Foreword: This is a fully sourced, 3161-word essay on Netflix, that I wrote for a University assessment. It received a first class grade, and I think that it handles the topic pretty well. The main obstacle holding the essay back is the lack of meaningful academic research on the subject of Netflix and film, as most of the investigations on the platform revolve around TV. Nevertheless, it is a burgeoning debate, and an interesting one if you follow the world of cinema, and having failed to sell this thing to any kind of publication, it will die a slow death on here where perhaps another student can find something within it.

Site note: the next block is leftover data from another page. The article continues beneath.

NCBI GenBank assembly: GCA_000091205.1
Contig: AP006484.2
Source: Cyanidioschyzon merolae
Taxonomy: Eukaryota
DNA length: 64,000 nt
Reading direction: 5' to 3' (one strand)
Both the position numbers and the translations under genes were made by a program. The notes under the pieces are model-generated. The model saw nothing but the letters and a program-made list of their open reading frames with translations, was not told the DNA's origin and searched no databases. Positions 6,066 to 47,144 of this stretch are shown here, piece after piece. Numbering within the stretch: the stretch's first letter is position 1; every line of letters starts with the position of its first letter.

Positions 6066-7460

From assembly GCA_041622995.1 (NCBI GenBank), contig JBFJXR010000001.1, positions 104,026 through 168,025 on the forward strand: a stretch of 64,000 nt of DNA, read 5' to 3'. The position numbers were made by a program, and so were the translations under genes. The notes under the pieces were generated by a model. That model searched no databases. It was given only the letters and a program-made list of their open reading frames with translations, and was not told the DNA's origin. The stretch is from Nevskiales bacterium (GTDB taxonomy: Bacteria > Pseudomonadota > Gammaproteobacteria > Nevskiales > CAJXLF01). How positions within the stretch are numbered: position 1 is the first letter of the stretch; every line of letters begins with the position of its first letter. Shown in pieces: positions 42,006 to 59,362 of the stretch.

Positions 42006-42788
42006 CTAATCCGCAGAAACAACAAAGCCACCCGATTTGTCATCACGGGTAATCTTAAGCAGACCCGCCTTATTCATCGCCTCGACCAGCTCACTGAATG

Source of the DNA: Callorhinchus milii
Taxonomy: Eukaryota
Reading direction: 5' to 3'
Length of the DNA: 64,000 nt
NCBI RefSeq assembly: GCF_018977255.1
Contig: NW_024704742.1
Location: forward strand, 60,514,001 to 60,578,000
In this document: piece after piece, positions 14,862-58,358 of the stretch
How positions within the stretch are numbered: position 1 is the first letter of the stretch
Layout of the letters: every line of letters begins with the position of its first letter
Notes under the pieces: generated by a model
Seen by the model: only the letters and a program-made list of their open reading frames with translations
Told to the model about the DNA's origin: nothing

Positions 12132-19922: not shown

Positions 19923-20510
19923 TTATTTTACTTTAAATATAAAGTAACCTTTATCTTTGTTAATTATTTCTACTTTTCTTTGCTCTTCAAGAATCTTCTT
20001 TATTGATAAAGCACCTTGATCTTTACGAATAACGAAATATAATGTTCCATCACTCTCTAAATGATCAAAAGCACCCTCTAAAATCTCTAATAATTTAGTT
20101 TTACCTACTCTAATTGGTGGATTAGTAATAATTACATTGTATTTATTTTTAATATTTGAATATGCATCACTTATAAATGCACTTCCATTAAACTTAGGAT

The value of cinema is weighed on by two successes: financial and critical. These two successes can intertwine, and occasionally what is popular is also deemed as artistically valid. However, in an increasingly media saturated world where a wealth of content is at our fingertips, the artistic accomplishment of a piece of work could be irrelevant. The voice of the film critic is perhaps dying, when we live in a society that no longer requires human gatekeepers for entertainment media, news media, or common opinion. Netflix is the catalyst for this saturation and the instantaneous access of an unfathomable choice of movies to watch in the comfort of your own home, with it not only being a back catalogue of existing titles, but in recent years Netflix’s own original efforts, and own distribution method (McDonald and Smith-Rowsey, 2016). This idea of choice is questionable, and to truly understand Netflix’s model, you have to try and decipher their techniques, which is not an entirely easy task, and Ramon Labato says in his book ‘Netflix Nations: The Geography of Digital Distribution’: “While Netflix is an established global brand with 20 years of history, there is still very little agreement about what Netflix is or how it should be understood by the public, scholars, or media regulators,” (Laboto, 2019). What is clear is Netflix’s popularity and dominance, as they have 137.1 million users as of 2018, their net profit in 2018 was $403 million, and they take up 51% of the market share for streaming services (Iqbal, 2019). Their ‘Netflix originals’ have broken through to the mainstream, with their 2018 release Bird Box becoming an example of a ‘chat around the water cooler’ kind of popular culture (Bird Box, 2018). And yet the film received a middling reaction from critics, and appears to add nothing of significance to its genre, so its success is confusing, though it is almost impossible to gauge its actual scientific success, because there are zero box office figures when it comes to video on demand. On the other end of the spectrum is the film Roma, not a Netflix original but distributed by them, and except for a short, select cinema release, is only available to view on the platform (Roma, 2018). The film has been hailed by some critics as a masterpiece, was nominated for ten academy awards, winning three, and therefore its critical success is obvious, and outweighs its success in becoming a discussion point in the mainstream like Bird Box. This is the starting point in wondering whether the values we put on contemporary cinema are changing.